I have an inherited IRA. How soon do I have to take distributions?


Q. I have an inherited IRA and was told that I have 10 years to withdraw the funds and do not need to take annual distributions. Then I read that the IRS said that you must take annual distributions in years one through nine, and any balance in the account in the tenth year. Which is correct?
— Beneficiary

A. It all depends on the timing of when you received the inherited IRA.

The law changed in recent years, and there was some confusion about how it would work

If your inherited IRA falls under the 10-year rule, the IRS clarified the rule in Publication 590-B, said James Suazo, a chartered financial consultant with Baron Financial Group in Fair Lawn.

If the deceased passed on or before December 31, 2019, the 10-year rule does not apply.

“The 10-year rule requires the IRA beneficiaries who are not taking life expectancy payments to withdraw the entire balance of the IRA by December 31 of the year containing the tenth anniversary of the owner’s death,” according to the IRS publication on the topic.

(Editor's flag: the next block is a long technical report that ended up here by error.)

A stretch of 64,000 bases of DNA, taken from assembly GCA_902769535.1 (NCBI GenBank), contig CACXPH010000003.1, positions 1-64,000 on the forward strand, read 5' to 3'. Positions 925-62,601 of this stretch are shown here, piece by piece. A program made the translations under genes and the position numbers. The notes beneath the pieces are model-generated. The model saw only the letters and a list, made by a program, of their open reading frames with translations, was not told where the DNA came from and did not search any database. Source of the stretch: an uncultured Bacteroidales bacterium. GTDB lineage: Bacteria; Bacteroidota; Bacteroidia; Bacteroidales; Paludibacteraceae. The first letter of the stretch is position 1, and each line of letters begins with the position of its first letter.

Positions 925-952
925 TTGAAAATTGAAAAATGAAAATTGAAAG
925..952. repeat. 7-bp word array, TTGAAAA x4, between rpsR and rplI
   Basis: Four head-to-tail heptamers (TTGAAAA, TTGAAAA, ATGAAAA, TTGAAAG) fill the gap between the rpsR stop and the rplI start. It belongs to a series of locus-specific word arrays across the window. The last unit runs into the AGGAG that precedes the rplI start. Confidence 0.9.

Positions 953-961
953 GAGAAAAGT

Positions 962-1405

Suazo offered this example: If the owner died in 2020, the beneficiary would have to fully distribute the plan by December 31, 2030. The beneficiary is allowed, but not required, to take distributions in years one through nine, but the full amount is required to be distributed within the tenth year, he said.

Suazo recommends you coordinate with an accountant to determine the best distribution strategy for your specific situation.

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This story was originally published on Nov. 30, 2021. presents certain general financial planning principles and advice, but should never be viewed as a substitute for obtaining advice from a personal professional advisor who understands your unique individual circumstances.